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Scarlet Globemallow

Photo of Scarlet Globemallow.

Scarlet Globemallow

Sphaeralcea coccinea

by Kathy Lloyd, Montana Native Plant Society

Scarlet globemallow, a member of the mallow family (Malvaceae) was collected by Meriwether Lewis on July 20, 1806 along the Marias River in present-day Toole County. On the same day he also collected Gardner's saltbush (Atriplex gardneri) and greasewood (Sarcobatus vermiculatus). Lewis and his small band of men were attempting to follow the Marias River drainage north to determine where the river began. They were hoping to claim land for the United States to the most northern parallel of the Missouri River system. Although Lewis did not succeed in staking a claim for more land, he did make significant discoveries that advanced the knowledge of the flora, fauna, ecology, and soils in the area west of the Mississippi River.

There are currently two specimens of Sphaeralcea coccinea (scarlet globemallow) in the Lewis & Clark Herbarium at the Academy of Natural Sciences in Philadelphia. Present day Lewis and Clark scholars and botanists suspect that one of the specimen sheets is not an authentic Lewis and Clark collection. They believe the scarlet globemallow plants on that sheet were grown from seed collected by Thomas Nuttall in 1811. The other specimen sheet contains plants collected by Meriwether Lewis in Montana. The label on the specimen, applied by the botanist Frederick Pursh, says, "A malvaceous Small plant probably a Species of Malope. Plains of Missouri. Jul. 20th 1806." Lewis, always the eager naturalist, took time to write in his journal that day, "the wild liquorice and sunflower are very abundant in the plains and river bottoms, the latter is now in full blume; the silkgrass and sand rush are also common."

Scarlet globemallow occurs in dry grassland prairies and plains from Alberta, Saskatchewan, and Manitoba in Canada, south and eastward to Arizona, New Mexico, Texas, and Mexico. It is rarely found in Iowa and may be extirpated in British Columbia. It is likely that Lewis and Clark saw scarlet globemallow during the summer of 1805 as well, but we will never know for sure. Scarlet globemallow habitat typically receives annual precipitation from 10 to 40 inches on average, and the plant can be found from 3,500 to 9,000 feet elevation.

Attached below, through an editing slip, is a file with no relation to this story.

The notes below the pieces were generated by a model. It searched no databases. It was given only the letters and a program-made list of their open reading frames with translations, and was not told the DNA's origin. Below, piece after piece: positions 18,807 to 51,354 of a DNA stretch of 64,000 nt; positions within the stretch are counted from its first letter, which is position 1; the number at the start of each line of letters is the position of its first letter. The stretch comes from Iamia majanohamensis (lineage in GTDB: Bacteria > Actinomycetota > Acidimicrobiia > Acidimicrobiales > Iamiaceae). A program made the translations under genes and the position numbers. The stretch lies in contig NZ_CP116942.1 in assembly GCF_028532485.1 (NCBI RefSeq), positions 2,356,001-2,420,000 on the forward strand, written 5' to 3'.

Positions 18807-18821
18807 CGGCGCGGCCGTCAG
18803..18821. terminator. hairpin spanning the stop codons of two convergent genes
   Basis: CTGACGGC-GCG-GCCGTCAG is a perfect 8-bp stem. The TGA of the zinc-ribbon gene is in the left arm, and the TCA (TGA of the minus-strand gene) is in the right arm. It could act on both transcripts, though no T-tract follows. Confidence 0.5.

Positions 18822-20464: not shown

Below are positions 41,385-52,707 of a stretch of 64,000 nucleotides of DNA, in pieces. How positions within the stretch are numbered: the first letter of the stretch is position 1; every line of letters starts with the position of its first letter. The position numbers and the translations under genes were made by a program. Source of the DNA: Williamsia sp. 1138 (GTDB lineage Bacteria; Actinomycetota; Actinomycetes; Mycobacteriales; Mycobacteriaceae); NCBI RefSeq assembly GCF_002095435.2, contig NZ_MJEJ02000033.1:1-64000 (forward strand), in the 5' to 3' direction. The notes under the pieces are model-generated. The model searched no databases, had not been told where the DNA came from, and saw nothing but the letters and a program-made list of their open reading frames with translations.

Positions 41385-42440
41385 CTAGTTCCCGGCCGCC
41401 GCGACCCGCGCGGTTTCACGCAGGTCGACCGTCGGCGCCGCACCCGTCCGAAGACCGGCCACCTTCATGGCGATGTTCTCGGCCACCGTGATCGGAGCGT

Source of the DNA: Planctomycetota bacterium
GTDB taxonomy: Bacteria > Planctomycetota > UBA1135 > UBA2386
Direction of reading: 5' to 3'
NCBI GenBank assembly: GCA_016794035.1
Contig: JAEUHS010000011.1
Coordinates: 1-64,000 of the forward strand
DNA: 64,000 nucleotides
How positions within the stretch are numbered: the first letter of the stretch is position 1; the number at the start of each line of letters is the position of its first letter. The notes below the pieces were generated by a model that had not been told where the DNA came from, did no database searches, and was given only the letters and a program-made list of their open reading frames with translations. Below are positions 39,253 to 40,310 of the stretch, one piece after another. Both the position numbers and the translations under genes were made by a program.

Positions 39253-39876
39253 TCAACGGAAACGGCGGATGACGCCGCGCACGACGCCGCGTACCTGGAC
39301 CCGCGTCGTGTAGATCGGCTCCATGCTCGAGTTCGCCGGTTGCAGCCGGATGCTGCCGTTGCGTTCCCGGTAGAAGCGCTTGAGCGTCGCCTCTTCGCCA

Scarlet globemallow is usually less than 12 inches tall and frequently trails on the ground. The leaves are grayish-green and are palmately lobed and then lobed again. The flowers are a unique salmon-orange, but can also be light pink to brick red and are clustered in spike-like racemes on the ends of the branches. Since it is in the same family as garden hollyhocks, you will notice a similarity in the flowers. Scarlet globemallow has deep-seated woody roots that help it survive during times of drought. The deep rhizomes also help the plant survive fire and heavy grazing, and since scarlet globemallow reproduces mainly by spreading rhizomes, the reduced competition as a result of disturbance might favor scarlet globemallow.

Scarlet globemallow readily invades disturbed areas, but has been found to do better in native communities than in areas with exotic grasses. As soon as competition becomes too great, especially from grasses, scarlet globemallow will decrease in numbers, but will proliferate again if there is another disturbance. Scarlet globemallow may have a value in rehabilitating disturbed sites, but will decrease as competition increases. It produces seed only in wet years and germination rates are not high. The species spreads best vegetatively. Scarlet globemallow is an attractive addition to a dryland planting or native landscape and requires little but room.

Scarlet globemallow is commonly eaten by many herbivores and is an important part of the diets of small mammals, pronghorn, deer, sheep, and cattle. The plants are a staple in the diet of black-tailed prairie dogs. Scarlet globemallow contains high amounts of vitamin A, and low amounts of magnesium and calcium. It is considered highly digestible. Scarlet globemallow plants also provide cover for small mammals and birds.

Even though scarlet globemallow is good herbivore food, American Indians seem to have used it mainly as emergency rations by chewing the roots during food shortages. It was used for various medicinal purposes by a number of tribes. Many of the uses involved various preparations of the plant for skin problems such as sores, burns, swellings and bleeding. It was also used to reduce pain. Various Indian nations used the plant ceremonially by rubbing a preparation on the hands to protect them from boiling water.

Scarlet globemallow is an eye-catching part of our prairie ecosystem in Montana. This fragile habitat needs to be protected from disturbance to allow the plant and animal species dependant upon it to thrive. When you visit the prairie, think of how Lewis and Clark must have admired and wondered at the diversity of plant and animal life they encountered.